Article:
On this week's Your Turn radio show, host Mike Causey examines what's in the most recent budget deal that will impact feds.
Senate panel approves Obama's pick for Homeland Security No. 2 official, despite investigation
If the proposed budget deal becomes law, new federal workers will see a total of 10.6 percent of their salaries automatically withheld from their paychecks to cover their retirement benefits. That could lead to them contributing less or not at all to their voluntary Thrift Savings Plan accounts, experts said.
The annual policy legislation also doesn't merge the DoD CIO and deputy chief management officer.
Kristen Baldwin, the principal deputy in the office of the deputy assistant secretary of defense for systems engineering, and Alan Chvotkin, the executive vice president and counsel at the professional services council, offer insight on a new rule that requires contractors are also required to notify DoD when they detect that cyber criminals or other unauthorized intruders have stolen data from their systems.
On the Federal Drive show blog, you can listen to our interviews, find more information about the guests on the show each day, as well as links to other stories and resources we discuss.
The Federal Newscast is a daily compilation of the stories you hear Federal Drive hosts Tom Temin and Emily Kopp discuss throughout the show each day. The Newscast is designed to give FederalNewsRadio.com users more information about the stories you hear on the air. In today's news, HHS Secretary Kathleen Sebelius calls for an investigation into HealthCare.gov, and a few agencies will move regional offices into the One World Trade Center.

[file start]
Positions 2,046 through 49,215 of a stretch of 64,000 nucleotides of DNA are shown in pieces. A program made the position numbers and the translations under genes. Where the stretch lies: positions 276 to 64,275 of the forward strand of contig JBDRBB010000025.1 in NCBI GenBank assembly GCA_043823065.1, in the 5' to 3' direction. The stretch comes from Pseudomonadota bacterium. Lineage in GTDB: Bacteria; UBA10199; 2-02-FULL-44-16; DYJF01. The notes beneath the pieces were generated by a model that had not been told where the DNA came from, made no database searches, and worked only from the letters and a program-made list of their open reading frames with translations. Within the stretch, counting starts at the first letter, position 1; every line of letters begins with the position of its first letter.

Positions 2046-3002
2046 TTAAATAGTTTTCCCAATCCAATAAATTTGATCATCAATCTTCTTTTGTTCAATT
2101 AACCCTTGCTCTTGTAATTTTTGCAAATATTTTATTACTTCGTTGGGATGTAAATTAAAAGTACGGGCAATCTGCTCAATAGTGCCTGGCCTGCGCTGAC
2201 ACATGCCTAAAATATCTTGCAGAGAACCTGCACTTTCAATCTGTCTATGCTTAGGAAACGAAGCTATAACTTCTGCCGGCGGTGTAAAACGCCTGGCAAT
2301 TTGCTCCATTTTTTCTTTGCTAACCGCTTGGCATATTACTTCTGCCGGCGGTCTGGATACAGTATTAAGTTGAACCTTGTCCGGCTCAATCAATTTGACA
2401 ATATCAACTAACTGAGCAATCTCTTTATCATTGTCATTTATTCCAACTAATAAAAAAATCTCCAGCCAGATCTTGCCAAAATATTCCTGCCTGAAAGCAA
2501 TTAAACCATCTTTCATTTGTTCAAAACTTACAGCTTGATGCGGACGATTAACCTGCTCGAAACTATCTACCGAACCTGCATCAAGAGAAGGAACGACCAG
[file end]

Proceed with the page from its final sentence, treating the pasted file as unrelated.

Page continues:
Employees at the departments of Treasury, Homeland Security and State can use their HSPD-12 smart cards to log onto the intelligence community's unclassified sharing platform. Most recently, the departments of Health and Human Services, Veterans Affairs and the Justice Department's Bureau of Alcohol, Tobacco, Firearms and Explosives will have access to the tools and applications through their smart identity cards.
Newly hired federal workers will be required to contribute more toward their pensions and some military retirees will see smaller cost-of-living adjustments under a budget deal announced by Rep. Paul Ryan (R-Wis.) and Sen. Patty Murray (D-Wash.) Tuesday evening. The budget deal, which sets funding levels for the next two years, eases some of the bite of the automatic spending cuts, known as sequestration. The pact restores about $63 billion to agency spending through the end of fiscal 2015, split about evenly between Defense and civilian agencies.
Congress is poised, for the first time since Dwight D. Eisenhower was president, to miss its deadline to pass the one policy bill that's been considered "must-pass" legislation under administrations of both parties. But the measure's only chance of success also torpedoes Pentagon proposals for cutting DoD's internal cost growth. Military personnel would receive a 1 percent pay raise next year.
Lawmakers reach budget pact restoring $63B in automatic spending cuts, avoiding gov't shutdown